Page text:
CHARLESTON, S.C. — When the email proposing a business meeting in Charleston popped up, it took all of three seconds to say yes. I’d never been to South Carolina, but I’ve read glowing dispatches from friends and colleagues for years. Southern hospitality is not a myth, they insisted, as they extolled the beauty of the area and its vigorous dining and bar scene.
When I started to research this coastal city, it was its Civil War-era attractions that proved most compelling. After all, the war “started” here when Confederate forces forced Union troops from Ft. Sumter in April 1861. And the city has a storied 19th century history, with a long list of monuments, mansions, plantations and museums that support it. So I scheduled some extra time during my recent visit and designed an itinerary that would take me to four or five attractions each day.
The tour of elegant homes and cobblestone streets, period antiques and marble shrines was an excursion through the histories of prominent families and institutions. The guides were gracious; the structures, beautifully maintained. But everything seemed so pristine, so contained. Where were the stories and the artifacts that acknowledge the inhumanity of slavery or the social failures of Reconstruction?
I visited cemeteries, plantations and city mansions, museums and national parks, and I discovered that those narratives exist — at some of the same places where antebellum silver gleams. You may have to read beyond the first few lines of description in the guidebooks to find experiences that acknowledge slavery and its legacy, but without them, the city’s story is unknowable.
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From cemeteries to plantations
I started my journey where history, tradition, movie-worthy scenery and cataclysm converge: Magnolia Cemetery.
The cemetery, which was founded in 1849 and is on the National Register of Historic Places, was a 15-minute drive from my hotel in downtown Charleston. Starting at 9 a.m., I walked the grounds for an hour without seeing another visitor. I did encounter long-legged water birds, trees draped with Spanish moss, pedestrian bridges over quiet ponds and family plots with 19th century tombstones that recall the sad mysteries of multiple infant deaths. Even so, “tranquillity” was the word that came to mind.
Or was the word until I walked to a memorial surrounded by several graves of men who died during the war. Many of the small tombstones had been decorated with small Confederate flags.
“It has the largest concentrated Confederate burial ground in the area, but I don’t consider it a Confederate cemetery because 33,000 people are buried here over 160-plus years,” Beverly Donald, Magnolia Cemetery’s superintendent, said in an interview with Patrick Harwood, a communication professor at the College of Charleston. (Harwood posted the interview on his CofCMultimediareporting blog.) But more than 2,000 Civil War veterans are buried at Magnolia, and those rebel flags invite contemplation of their history and their symbolism.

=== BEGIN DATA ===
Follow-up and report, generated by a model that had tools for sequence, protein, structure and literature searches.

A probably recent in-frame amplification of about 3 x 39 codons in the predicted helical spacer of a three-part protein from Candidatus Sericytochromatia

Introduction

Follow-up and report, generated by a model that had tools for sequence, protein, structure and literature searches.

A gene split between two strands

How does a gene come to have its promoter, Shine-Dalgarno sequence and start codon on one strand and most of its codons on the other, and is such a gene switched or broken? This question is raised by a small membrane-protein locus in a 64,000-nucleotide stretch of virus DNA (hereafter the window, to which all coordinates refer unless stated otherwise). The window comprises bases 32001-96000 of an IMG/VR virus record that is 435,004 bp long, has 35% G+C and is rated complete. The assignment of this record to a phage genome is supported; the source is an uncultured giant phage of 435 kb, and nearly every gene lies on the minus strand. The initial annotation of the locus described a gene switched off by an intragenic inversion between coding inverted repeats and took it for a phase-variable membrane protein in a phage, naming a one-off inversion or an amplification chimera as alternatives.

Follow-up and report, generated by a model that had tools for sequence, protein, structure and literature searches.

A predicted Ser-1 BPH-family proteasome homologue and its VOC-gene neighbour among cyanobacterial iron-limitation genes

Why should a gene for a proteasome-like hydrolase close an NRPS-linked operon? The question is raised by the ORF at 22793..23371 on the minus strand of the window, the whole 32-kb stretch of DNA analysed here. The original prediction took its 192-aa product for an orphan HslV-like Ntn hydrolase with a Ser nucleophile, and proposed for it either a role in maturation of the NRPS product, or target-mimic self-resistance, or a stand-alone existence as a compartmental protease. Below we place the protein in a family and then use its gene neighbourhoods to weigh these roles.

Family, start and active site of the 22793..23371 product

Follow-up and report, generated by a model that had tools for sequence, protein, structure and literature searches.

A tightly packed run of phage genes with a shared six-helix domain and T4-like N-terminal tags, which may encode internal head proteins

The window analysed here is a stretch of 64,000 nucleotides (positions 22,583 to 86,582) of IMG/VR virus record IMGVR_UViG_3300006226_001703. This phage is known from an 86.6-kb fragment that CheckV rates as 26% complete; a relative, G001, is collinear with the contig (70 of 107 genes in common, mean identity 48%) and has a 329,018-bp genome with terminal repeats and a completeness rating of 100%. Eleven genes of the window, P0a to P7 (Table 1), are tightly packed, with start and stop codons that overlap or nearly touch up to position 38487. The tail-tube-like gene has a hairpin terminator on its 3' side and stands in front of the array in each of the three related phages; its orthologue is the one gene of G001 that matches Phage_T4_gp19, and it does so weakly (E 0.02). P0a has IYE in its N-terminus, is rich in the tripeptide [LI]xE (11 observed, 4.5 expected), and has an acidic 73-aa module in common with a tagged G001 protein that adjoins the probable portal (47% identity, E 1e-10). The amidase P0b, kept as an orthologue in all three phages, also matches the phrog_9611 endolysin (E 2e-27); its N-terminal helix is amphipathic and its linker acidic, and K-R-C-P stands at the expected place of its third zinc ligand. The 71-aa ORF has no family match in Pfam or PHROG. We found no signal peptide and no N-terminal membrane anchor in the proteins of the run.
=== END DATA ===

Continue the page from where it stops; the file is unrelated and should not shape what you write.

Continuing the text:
After my time in the cemetery, I drove about 30 minutes to Ashley River Road, a thoroughfare named after the river that proved crucial to the wealthy men who built their plantations nearby. That led me to Drayton Hall, an 18th century plantation home noted for its Georgian-Palladian architecture.
Guidebooks usually make the distinction that Drayton, a National Historic Landmark, has been preserved, not restored. Because of that, the rooms were devoid of furniture and accouterments; some of the walls were most recently repainted in the 19th century. The emptiness was startling at first, but it certainly focused my attention on Drayton’s authenticity.
Our tour guide was well-versed on the seven generations of Draytons associated with the plantation. John Drayton, who built Drayton Hall, was the third son of Thomas and Ann Drayton, who built the nearby Magnolia Plantation. She also spoke about the lives of seven generations of African Americans connected to Drayton Hall, even though little of their physical world remains. (The impressive website www.draytonhall.org includes a timeline of the Drayton family and the African Americans who served them, many of them as slaves, others, later, as domestic employees.)
I found the most moving acknowledgment of slavery on the plantation in a quiet wooded area — an African American cemetery that, the website says, is “the final resting place of at least 40 individuals, enslaved and free.” A wrought iron arch with the words “Leave ‘Em Rest” stands at the entrance, but there are few markers otherwise.
Just up the road, Magnolia Plantation, which is often compared with Drayton, tells a different story.
The original plantation home at Magnolia burned in the 1790s. A second home was burned in 1865; official literature points a finger at Gen. William Tecumseh Sherman’s “renegade Union troops.” After the Civil War, the Rev. John Grimke Drayton dismantled a nearby summer home and had it reconstructed on the footprint of the burned-out plantation house and agreed to open the extensive gardens to paying visitors.